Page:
Brodeur becomes American citizen


Teammate and fellow American Brian Rolston tried to put a little pressure Tuesday on New Jersey Devils goalie Martin Brodeur.


NEWARK, N.J. — Teammate and fellow American Brian Rolston tried to put a little pressure Tuesday on New Jersey Devils goalie Martin Brodeur.

“I heard he’s going to play goal for the U.S. team at the Olympics,” Rolston said, smiling. “And if he tries to play for Canada, I’m going to turn him in.”

Don’t worry, Canada, there’s nothing to be concerned about. Brodeur pledges to be standing on guard for thee, in a Canadian Maple Leaf jersey, at the 2010 Winter Olympics in Vancouver.

But he is now officially an American, as well as a Canadian.

Brodeur, the odds-on favourite to again be Canada’s starting goalie at the Winter Games, passed his U.S. citizenship test early Tuesday morning in Newark, then walked across the street to the Prudential Center and joined the Devils at their practice.

“You don’t have to worry about that,” Brodeur said to a suggestion that he might at some point consider playing for the Americans. “Whenever you play for a country, you can’t go back (and play for another). And I want to play for Canada. That’s where I’m from.”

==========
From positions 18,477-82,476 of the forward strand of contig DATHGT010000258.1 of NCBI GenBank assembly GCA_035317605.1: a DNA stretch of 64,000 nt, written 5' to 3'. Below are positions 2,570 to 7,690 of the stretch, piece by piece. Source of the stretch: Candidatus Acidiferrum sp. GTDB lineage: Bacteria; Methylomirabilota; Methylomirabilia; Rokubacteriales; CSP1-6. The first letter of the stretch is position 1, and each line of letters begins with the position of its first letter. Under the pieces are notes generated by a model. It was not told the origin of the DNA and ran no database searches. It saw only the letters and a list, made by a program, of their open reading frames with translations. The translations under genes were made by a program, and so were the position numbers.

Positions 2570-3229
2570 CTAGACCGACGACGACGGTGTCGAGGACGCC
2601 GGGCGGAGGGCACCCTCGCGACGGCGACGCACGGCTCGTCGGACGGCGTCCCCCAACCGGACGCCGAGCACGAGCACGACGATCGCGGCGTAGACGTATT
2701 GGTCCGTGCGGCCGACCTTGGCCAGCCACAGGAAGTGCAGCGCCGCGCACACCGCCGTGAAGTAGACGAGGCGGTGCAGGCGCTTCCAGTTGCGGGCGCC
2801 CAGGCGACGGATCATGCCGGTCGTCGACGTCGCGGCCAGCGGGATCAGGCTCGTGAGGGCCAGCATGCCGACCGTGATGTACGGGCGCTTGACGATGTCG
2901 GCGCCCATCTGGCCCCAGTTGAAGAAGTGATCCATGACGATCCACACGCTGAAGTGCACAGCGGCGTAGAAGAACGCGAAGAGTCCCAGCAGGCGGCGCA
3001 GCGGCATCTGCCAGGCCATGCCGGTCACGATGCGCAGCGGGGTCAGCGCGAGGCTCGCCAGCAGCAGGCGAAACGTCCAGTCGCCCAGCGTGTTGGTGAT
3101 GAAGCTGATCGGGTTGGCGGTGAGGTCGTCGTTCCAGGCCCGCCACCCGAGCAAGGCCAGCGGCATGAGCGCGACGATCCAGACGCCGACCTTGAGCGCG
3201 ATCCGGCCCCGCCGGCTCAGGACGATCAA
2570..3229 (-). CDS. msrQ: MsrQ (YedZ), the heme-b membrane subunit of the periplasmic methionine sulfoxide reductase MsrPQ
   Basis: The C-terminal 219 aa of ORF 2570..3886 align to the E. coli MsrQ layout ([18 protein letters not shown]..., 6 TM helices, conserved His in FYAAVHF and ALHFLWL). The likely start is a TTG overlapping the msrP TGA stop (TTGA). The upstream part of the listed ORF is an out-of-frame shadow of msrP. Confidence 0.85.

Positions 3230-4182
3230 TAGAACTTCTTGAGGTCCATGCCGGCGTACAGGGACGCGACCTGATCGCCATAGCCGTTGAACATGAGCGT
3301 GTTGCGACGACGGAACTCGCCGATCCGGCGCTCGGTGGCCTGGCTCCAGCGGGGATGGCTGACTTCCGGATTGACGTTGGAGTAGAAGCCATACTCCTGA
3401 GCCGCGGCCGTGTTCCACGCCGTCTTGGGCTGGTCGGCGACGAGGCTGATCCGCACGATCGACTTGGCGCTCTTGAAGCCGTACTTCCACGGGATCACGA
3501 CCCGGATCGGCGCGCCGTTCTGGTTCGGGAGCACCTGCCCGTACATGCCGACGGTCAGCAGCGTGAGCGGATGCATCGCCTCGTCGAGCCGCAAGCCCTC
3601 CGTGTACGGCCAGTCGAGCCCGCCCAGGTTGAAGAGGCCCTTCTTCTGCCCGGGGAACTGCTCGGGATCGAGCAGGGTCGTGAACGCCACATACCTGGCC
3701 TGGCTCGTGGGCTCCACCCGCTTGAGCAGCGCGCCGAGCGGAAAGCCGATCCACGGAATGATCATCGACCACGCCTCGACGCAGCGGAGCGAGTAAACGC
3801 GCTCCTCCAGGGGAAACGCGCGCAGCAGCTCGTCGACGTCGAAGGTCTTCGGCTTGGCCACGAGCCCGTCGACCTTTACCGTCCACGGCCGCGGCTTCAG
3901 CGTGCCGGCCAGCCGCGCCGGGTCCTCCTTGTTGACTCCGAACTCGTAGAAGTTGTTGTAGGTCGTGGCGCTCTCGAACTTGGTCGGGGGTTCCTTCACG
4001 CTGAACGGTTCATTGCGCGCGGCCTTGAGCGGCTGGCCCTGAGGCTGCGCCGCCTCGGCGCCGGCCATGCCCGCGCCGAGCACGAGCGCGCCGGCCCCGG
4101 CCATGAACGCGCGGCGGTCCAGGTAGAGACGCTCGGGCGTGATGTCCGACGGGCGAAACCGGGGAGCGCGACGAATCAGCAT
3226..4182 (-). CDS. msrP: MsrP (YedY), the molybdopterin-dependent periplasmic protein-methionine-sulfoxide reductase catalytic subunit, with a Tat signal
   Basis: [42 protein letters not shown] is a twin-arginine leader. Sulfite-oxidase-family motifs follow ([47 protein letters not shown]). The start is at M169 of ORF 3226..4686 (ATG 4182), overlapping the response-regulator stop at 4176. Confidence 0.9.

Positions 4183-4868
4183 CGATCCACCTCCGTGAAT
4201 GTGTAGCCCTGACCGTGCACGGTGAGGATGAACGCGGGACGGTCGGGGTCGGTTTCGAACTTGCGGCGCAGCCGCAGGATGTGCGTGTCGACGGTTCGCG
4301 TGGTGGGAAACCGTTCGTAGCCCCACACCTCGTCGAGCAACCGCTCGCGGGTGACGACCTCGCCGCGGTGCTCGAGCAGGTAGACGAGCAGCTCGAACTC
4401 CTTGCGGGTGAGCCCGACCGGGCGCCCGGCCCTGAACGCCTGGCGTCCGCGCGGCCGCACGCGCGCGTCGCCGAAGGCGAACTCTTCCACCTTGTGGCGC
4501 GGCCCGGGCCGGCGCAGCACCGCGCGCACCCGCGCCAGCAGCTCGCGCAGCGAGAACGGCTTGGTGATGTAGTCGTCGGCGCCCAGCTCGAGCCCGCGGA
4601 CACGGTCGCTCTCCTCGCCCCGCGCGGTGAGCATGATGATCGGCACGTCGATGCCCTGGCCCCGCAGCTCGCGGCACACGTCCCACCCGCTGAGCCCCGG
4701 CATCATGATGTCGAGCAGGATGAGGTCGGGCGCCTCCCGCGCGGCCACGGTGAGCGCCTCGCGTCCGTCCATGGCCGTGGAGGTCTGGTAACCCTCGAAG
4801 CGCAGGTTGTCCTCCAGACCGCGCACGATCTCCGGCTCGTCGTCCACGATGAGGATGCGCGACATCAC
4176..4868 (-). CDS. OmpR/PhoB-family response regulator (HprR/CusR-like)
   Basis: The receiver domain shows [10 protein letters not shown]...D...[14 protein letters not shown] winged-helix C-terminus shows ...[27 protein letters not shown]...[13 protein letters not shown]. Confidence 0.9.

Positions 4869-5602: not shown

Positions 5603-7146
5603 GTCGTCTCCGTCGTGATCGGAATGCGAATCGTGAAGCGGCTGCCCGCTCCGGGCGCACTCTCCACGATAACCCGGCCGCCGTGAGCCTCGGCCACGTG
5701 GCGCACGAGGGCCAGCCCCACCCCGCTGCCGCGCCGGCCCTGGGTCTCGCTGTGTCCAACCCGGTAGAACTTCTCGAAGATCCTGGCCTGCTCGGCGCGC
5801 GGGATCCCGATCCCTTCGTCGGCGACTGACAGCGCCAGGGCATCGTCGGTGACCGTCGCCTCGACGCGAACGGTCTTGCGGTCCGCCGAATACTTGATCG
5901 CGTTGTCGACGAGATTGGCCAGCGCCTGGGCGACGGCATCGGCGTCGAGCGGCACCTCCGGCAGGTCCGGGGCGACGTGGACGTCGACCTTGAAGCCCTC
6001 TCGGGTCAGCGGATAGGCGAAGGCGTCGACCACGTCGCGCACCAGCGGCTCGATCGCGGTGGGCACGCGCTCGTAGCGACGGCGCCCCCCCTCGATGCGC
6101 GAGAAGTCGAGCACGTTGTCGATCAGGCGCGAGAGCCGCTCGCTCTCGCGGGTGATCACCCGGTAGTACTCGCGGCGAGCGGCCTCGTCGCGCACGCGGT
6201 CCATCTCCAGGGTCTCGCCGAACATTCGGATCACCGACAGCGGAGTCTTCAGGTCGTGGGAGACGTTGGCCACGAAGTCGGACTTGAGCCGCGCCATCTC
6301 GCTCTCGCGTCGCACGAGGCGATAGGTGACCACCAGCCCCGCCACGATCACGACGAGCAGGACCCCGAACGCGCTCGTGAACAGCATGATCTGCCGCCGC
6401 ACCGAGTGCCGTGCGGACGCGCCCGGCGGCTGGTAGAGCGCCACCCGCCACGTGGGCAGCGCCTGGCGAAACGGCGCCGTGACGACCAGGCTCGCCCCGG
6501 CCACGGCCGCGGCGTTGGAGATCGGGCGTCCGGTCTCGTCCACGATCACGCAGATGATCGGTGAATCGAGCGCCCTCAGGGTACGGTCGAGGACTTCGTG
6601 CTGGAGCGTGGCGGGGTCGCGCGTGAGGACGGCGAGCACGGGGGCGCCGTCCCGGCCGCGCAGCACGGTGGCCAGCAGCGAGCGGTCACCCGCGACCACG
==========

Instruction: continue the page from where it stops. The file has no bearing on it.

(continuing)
Brodeur performed as well on his citizenship test as he has on the ice all these years. He was perfect. He answered his first six questions correctly, including one asking him to name the number of U.S Supreme Court justices. The answer, in case you were wondering, is nine.

“You had to get 60 per cent (on 10 questions), so I got my first six right and they stopped after that,” he said.

Brodeur said it just felt natural for him to formally apply for his U.S. citizenship. His children are all American citizens and other than the two months he spends in Quebec each summer, New Jersey has been his home for the past 17 years.

“All my kids are American first of all,” he said. “I make my home here. This is where I live most of the time and I think it was just a process. I went through getting a working visa, then a green card and the next step was to be able to be a citizen and I took the option to do it.”

Brodeur had to explain to his parents that he wasn’t renouncing his Canadian citizenship.

“My parents didn’t understand what it was exactly — they said you’re going to have to give up everything in Canada and it’s like you are going to get locked in the States. I said, don’t worry, you keep your dual citizenship. I still have my Canadian passport and everything is going to be all right. They were pretty happy about it. They know my life is here. All my grown up life has been here in New Jersey.”

Brodeur is just the latest in a long list of Canadian pro athletes who have taken up U.S. citizenship.

“Is he going to start for Team USA maybe?” Vancouver Canuck goalie Roberto Luongo said with a laugh — the Canucks face the Devils Wednesday.

Luongo, who figures to among Brodeur’s biggest competitors for the No. 1 job at the Olympics, said he could follow the same path once his hockey career is done.

“You know what, maybe eventually in the future,” said Luongo, a Montreal native whose off-season home is in Florida.

Vancouver Sun
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